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Will gene editing unlock new potentials for progress?

Why are we comfortable modifying the genes of animals and plants, but not our own?

Is gene editing the way forward Gunes Taylor

The modification of genomes is synonymous with human progress. As such, technological advances improving the precision with which we are able to modify genomes can only be a good thing. So why does it make us so uneasy?

Much of human progress can be attributed to the domestication of plants and animals into crops and livestock. Domestication is the slow and arduous process of concentrating desirable traits within a particular species by deliberately breeding individuals carrying these traits. Domestication is usually undertaken with the intention to secure a predictable supply of resources from the particular species, and as such these traits are usually relevant to the particular human application in question.

For example, red junglefowl have been domesticated over the last 7,000 years into the important source of meat and eggs for many humans around the world now known as the domestic chicken. Domestication of plants and animals was a tipping point in human progress some 12,000 years ago as it permitted settled farming and ultimately the development of civilisations.

It should come as no surprise that with the discovery of genes as units of information came the desire to understand how they work.

Technically speaking, these desirable traits are encoded by genes in the genomes of individual organisms, commonly referred to simply as “in its DNA”. Therefore, it should come as no surprise that with the discovery of genes as units of information came the desire to understand how they work. With time, scientists have gone from crude approaches that introduce random mutations throughout genomes by any means imaginable, to more refined methods of genome modification. Increases in knowledge usually translate into a reciprocal increase in the control humans can exert upon themselves, animals and their environment.

Thus, while domestication is a slow and roundabout road to modifying genomes, and classical genome modification in the lab is an improvement upon domestication, recent advances in molecular biology, namely CRISPR-Cas9 genome editing, represent unprecedented ability to modify genomes.

Yet the most striking aspect of this area of human progress, in my mind at least, is the apparent acceptance of domestication as natural, and genome modification/editing as decidedly unnatural.

On a biological level, while the process takes different amounts of time, the outcomes are essentially the same: genomes change. Is it that domestication sounds more like gently steering the sails of nature, whereas the word editing elicits an uncomfortable sense of control and responsibility? Is this level of control and responsibility something we only feel comfortable wielding upon plants and animals, but not on ourselves or each other? Is it acceptable to feel comfortable using genome editing on animals for human ends, but not on humans directly?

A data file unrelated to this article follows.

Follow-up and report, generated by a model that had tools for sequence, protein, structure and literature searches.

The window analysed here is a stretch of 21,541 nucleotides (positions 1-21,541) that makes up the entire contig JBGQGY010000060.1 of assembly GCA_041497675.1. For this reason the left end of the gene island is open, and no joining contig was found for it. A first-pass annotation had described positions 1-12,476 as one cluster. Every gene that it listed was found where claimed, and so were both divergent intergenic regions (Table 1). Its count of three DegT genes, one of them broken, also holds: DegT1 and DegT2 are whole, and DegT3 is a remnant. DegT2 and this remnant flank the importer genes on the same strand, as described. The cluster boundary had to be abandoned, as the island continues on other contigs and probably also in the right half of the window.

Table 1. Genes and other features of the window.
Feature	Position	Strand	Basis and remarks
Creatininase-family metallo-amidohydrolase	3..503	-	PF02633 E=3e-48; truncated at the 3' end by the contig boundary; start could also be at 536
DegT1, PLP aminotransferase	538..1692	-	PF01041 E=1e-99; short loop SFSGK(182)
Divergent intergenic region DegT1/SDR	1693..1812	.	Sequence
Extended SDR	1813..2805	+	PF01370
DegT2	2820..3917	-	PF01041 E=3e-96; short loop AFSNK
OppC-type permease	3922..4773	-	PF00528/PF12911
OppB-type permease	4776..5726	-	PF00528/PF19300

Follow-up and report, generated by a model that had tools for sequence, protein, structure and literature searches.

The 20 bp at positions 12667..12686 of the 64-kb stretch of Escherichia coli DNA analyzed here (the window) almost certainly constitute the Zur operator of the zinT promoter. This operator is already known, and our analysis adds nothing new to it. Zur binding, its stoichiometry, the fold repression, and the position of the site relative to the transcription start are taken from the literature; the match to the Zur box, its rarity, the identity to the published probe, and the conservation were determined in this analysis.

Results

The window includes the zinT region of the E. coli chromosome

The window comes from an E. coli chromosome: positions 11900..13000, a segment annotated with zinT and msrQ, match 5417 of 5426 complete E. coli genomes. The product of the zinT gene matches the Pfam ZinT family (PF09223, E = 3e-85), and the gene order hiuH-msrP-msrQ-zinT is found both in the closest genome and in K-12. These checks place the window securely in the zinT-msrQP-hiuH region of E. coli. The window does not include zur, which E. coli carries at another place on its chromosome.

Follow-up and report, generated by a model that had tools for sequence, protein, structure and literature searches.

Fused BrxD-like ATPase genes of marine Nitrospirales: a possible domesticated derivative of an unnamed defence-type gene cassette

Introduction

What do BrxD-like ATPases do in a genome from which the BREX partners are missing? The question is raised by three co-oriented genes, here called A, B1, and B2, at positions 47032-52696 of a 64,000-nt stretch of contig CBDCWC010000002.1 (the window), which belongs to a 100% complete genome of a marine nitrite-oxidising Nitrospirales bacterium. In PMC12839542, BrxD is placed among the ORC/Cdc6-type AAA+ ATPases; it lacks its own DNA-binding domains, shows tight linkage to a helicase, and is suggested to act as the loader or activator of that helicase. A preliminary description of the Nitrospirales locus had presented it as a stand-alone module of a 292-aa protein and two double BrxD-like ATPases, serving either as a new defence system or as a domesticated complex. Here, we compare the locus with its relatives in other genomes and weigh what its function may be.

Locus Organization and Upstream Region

It should come as no surprise that with the discovery of genes as units of information came the desire to understand how they work.

While the much-needed debate surrounding genome editing continues - focusing on issues like its potential, the ethical issues involved, and cost-benefit analysis - it is worth keeping a keen eye on our own biases and philosophical blind spots.

There is, however, a significant difference between “could”, “can” and “will”. Biology is complex and prone to unpredictable mutations. Thus, the outcome of any intervention is always a matter of probability. Much as a car mechanic must understand how a car is built before they open the bonnet and commence tinkering, most of us would agree that we should understand our biology considerably more before employing CRISPR on human beings. Put simply, our tools far outstrip our current knowledge of our biology.

Thus, scientists like myself work to deepen our total knowledge; incrementally improving the resolution of our understanding such that, eventually, it will be possible to act as the aforementioned mechanic and be very certain about any DNA-based interventions made. The decades of research into human development and disease could be transformed from observation of our DNA landscapes to functional maps we use to negotiate the next steps in human health and wellbeing.

One thing is for sure: the modification of plant and animal genomes has unarguably been good for human progress. Over time, human progress has turned its focus from simple survival and sustenance to the human condition: the search for medicines to reduce suffering and pain, for answers in our genomes on where that suffering comes from, and ways in which this suffering might be avoided.

 

If you want to hear from leading thinkers like this debating renowned philosophers, cutting edge scientists, headline-making politicians, and beloved artists, come to HowTheLightGetsIn Hay 2020 for four days of debates and talks alongside music, comedy and parties.

Güneş Taylor will be appearing in The Matrix or The Miracle discussing consciousness and idealism.

See big ideas like this one debated live at the IAI’s online festival, HowTheLightGetsIn Global between September 19-20. Hundreds of events live-streamed from London, Delhi and New York, featuring the biggest thinkers in philosophy, science, politics, the arts and economics. Find out more here.
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